Agriculture and wetlands in India and the rest of the world should be managed in unison to tackle poverty and conserve ecosystems, says a new report.
Around six per cent of the world's landmass is classified as either permanent or seasonal wetland. Millions of people directly depend on them for food, water, and other purposes.
Researchers estimate that wetlands are worth around USD 70 billion globally each year.
However, these areas also face a number of threats, the most serious of which is agriculture, the 'Wetlands and People' report unveiled today said.
"Wetlands and agriculture can and must coexist," said Matthew McCartney, a hydrologist at the International Water Management Institute (IWMI), a CGIAR centre, and a contributor to the report.
"We need policies on wetlands that support ecosystems, sustain rich biodiversity, and simultaneously improve the livelihoods of farming communities who depend on wetlands or whose activities directly affect them. We need to find a way to have the best of both worlds," he said in the report.
Noting that outright protection of wetlands is incompatible with farming and undermines livelihoods, McCartney said: "But there are landscape approaches and agricultural practises that can support and sustain healthy wetlands, and vice versa. Working with local communities will help us find the best solutions."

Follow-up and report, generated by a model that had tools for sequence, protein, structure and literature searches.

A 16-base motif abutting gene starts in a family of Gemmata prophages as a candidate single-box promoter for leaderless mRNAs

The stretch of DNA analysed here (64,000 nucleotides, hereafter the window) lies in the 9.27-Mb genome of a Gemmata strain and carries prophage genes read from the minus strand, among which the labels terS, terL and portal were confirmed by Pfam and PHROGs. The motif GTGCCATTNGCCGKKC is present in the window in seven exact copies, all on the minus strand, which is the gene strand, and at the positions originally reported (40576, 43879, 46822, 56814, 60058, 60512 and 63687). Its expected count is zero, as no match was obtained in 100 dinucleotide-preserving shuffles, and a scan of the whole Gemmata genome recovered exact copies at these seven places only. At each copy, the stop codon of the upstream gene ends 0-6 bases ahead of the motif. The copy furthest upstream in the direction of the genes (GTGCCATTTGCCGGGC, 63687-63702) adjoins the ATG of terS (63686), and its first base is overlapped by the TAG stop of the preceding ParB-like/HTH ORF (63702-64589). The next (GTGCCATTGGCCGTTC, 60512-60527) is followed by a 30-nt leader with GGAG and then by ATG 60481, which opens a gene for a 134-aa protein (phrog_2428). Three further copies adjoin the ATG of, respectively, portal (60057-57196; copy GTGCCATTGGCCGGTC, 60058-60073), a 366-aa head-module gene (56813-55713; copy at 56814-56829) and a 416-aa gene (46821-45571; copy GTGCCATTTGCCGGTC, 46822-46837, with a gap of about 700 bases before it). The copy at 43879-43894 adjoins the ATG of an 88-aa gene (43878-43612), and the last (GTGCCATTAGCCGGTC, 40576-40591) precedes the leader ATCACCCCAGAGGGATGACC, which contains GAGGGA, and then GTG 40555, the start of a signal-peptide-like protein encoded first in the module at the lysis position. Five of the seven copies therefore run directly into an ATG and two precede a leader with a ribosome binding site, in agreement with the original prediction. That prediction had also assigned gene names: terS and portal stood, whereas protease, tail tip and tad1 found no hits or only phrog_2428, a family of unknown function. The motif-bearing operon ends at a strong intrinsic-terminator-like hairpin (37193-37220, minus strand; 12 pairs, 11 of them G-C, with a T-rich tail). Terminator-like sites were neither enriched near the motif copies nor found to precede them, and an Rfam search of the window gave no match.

As per the report, India has 26 wetland sites of global importance. These include well-known lakes - Loktak in Manipur, Chilika in Odisha and Wular in Kashmir.
It is estimated that in the last century alone 50 per cent of the nation's wetlands have been lost. A similar situation prevails in Southeast Asia.
In the report, researchers highlighted a number of examples of the value of wetlands to poor, rural communities in Asia, Africa and Latin America. They also outlined ways to manage them sustainably for current and future generations.
IWMI said the debate around conservation of wetlands has been polarised for years, with agriculture implicated as one of the greatest threats to their survival.
It said now there is a growing consensus that a 'people-centred' approach that seeks to optimise e benefits for small-holder farmers and reduce poverty, while simultaneously protecting ecosystems, represents the most promising future for long-term conservation of wetlands.
CGIAR (The Consultative Group on International Agricultural Research) is an international body that funds and co-ordinates research into agricultural crop breeding with the goal of reducing rural poverty and increasing food security.